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Clinton discusses Latin America, crisis and development issues at IDB Annual Meeting

MEDELLÍN, Colombia – Former U.S. President Bill Clinton shared his views on poverty, globalization and role of multilateral banks—among other issues—at a public dialogue today with Inter-American Development Bank President Luis Alberto Moreno.

Before an audience of 1,600 in the Medellín Metropolitan Theater, Clinton said the duration of the crisis —a focal point of the ongoing IDB Annual Meeting—was unknown in a world that had lost trillions of dollars in wealth and depended on the results of stimulus packages and on “cleaning up the banking sector.”

Clinton was optimistic the world economy would emerge from the crisis.

He said that to solve the most difficult challenges facing the world, it was necessary to “widen the circle of opportunity” and that the business community could be profitable by tackling social problems. He cited the example of tapping energy from landfills.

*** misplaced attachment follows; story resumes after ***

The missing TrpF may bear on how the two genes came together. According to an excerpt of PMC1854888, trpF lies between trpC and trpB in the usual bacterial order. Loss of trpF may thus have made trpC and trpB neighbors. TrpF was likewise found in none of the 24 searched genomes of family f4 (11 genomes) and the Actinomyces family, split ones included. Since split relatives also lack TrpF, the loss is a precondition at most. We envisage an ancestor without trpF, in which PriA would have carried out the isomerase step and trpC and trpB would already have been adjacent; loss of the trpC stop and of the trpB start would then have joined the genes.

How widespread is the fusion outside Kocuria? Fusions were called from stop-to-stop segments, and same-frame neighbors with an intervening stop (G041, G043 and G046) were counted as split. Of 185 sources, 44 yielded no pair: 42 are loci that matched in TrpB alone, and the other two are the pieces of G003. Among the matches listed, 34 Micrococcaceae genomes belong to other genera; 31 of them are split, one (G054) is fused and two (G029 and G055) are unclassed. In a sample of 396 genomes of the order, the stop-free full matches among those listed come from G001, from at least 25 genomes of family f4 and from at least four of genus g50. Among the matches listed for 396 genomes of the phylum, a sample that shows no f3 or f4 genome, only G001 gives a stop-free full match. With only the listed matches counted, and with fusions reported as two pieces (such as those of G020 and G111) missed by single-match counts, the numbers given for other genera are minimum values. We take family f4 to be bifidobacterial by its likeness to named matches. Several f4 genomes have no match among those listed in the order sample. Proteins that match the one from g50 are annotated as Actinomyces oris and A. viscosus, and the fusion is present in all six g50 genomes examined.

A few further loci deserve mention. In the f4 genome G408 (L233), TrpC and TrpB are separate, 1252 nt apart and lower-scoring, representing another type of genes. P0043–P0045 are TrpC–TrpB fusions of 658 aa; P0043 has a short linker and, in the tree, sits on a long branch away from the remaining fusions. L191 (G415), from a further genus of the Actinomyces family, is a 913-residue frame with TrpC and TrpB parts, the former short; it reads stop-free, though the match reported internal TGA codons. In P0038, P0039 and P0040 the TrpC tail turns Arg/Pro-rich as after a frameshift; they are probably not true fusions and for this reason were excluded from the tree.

Clinton came to Medellín after visiting the city of Barranquilla on Colombia’s Caribbean coast, where his foundation is supporting a community development program centered on a school in a poor neighborhood. He said the program is providing teacher training and school lunches, among other services.

“For the cost of a good necktie,” he said, “you could send a child to a school for a year.”

He noted that “no matter how bad” the world economy was, most people in the room “will do okay.”

Clinton challenged those who are doing well to help lift others from poverty. “To me, this is part of being a good citizen of the 21st century,” he added, urging people to strengthen civil societies because governments were unable to solve all the world’s problems.

Clinton said institutions like the IDB and World Bank should “focus very tightly” on reducing poverty. These institutions could step up investments in areas like rural development, scaling up successful projects that have enabled subsistence farmers to double and even triple their incomes. He hoped multilateral development banks would help finance “people in the how business.”

Asked about the drug trade, Clinton said poor people in rural communities needed a real alternative and sustained support. The former president also praised Colombia for its efforts to fight drug trafficking.

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